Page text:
The recent tribulations of traditional media companies is again shining a spotlight on Google's role as an intermediary. Scott Karp of Publishing 2.0 summarized his perspective here:
"Those who argue that Google is a friend to content owners because it sends them traffic overlook the basic law of supply and demand. The value of “traffic” is entirely relative. The more content there is on the web, the less value that content has — because of the surfeit of ad inventory and abundance of free alternatives to paid content — and thus the less value “traffic” has. The more content there is on the web, the less money every content creator makes, and the more money Google makes by taking a piece of that transaction".
The dilemma around generating sufficient margins to support content development and distribution really goes beyond traditional publishers and into the fabric of most for-profit internet sites too. An exploding distribution channel is affiliate networks. Firms that rely on affiliates to drive traffic and revenue will, for the most part, inevitably experience diminishing returns as affiliates compete to capture a share of the clicks and dollars in their chosen vertical as they insert themselves into the value chain as yet another middleman trying to game the Google system. Those that add real value and are rewarded with sustainable traffic will prosper, but firms that rely on a search engine arbitrage by buying placement more efficiently will be commoditized.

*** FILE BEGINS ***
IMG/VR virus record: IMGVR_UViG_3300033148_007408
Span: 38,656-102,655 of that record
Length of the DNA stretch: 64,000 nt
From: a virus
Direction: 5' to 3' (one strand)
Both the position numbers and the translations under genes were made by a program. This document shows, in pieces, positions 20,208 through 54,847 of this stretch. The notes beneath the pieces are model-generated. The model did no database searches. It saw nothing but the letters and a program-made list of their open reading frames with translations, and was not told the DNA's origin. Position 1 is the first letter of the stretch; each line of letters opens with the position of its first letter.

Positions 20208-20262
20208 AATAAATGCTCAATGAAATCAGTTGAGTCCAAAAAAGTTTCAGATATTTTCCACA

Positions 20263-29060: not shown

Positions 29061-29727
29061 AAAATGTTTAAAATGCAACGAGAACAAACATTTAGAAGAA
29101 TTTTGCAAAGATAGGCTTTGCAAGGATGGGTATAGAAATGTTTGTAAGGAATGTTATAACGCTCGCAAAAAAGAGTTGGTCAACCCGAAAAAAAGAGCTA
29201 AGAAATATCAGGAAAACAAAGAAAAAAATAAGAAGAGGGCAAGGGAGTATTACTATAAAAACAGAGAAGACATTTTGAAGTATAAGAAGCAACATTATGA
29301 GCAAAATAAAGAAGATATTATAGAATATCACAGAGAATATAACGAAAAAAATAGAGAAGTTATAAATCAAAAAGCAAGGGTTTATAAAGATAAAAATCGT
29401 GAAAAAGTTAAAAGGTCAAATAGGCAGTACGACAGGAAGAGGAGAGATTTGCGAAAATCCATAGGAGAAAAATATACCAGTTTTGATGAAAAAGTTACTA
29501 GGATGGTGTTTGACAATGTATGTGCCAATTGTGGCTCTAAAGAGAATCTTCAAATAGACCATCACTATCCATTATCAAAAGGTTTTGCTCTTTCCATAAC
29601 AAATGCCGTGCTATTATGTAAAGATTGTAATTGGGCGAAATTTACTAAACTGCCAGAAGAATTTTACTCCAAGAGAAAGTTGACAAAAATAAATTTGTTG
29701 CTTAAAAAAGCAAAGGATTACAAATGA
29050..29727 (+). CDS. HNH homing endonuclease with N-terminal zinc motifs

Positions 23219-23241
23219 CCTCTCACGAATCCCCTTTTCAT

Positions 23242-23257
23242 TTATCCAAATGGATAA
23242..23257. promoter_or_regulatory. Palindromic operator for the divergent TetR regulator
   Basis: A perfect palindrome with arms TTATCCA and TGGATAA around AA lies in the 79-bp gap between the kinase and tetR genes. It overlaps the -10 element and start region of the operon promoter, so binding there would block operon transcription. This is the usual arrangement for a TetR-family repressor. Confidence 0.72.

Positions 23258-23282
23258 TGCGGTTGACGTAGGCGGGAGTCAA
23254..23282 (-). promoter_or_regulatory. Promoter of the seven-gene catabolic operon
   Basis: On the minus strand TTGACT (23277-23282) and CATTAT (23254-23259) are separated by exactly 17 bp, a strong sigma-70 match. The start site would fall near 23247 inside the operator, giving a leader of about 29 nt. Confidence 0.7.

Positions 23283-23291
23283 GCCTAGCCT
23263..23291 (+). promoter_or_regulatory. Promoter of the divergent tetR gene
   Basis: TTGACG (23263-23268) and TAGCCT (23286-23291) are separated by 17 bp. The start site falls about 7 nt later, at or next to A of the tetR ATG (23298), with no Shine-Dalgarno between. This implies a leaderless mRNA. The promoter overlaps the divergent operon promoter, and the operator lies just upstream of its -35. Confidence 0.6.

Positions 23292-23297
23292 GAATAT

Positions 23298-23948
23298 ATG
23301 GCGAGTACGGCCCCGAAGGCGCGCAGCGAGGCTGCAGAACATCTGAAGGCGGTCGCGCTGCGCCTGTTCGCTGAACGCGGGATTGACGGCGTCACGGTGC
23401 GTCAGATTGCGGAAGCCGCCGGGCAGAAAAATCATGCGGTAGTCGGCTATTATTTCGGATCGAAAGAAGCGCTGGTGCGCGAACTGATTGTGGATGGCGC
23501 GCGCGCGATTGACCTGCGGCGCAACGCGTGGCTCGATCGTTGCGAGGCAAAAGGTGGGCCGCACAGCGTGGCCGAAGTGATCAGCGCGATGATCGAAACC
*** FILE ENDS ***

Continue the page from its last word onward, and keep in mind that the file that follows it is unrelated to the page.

We are witnessing the rise of the middleman's middlemen. SEO firms are paid a slice of the pie to game the Google algorithm, affiliates are paid a slice of revenue for capturing traffic and the list of fractional middlemen has spread throughout the internet value chain. Unfortunately, the weight of all this 'optimization' breaks two fundamental drivers of the internet economy. Permacheap groans under the weight of so many hands in the revenue or margin pocket and trust suffers from SEO wrath.
Nick Carr, recently posted an interesting perspective here where he argues:
"Where the real money ends up is at the one point in the system where traffic is concentrated: the Google search engine. Google’s overriding interest is to (a) maximize the amount and velocity of the traffic flowing through the web and (b) ensure that as large a percentage of that traffic as possible goes through its search engine and is exposed to its ads".
Taken another way, the goal of Google is to encourage permacheap content and to lower the price of conducting commerce. These are noble and reinforcing objectives. Free quality content drives traffic. Traffic brings advertisements and companies that are middlemen in the ad placement business then prosper. Likewise, internet commerce drives internet based advertising. Google's success has been around throwing friction out the door. It's unfortunate that Google's ecosystem looks for an open window enabling friction, under another name to jump right back in.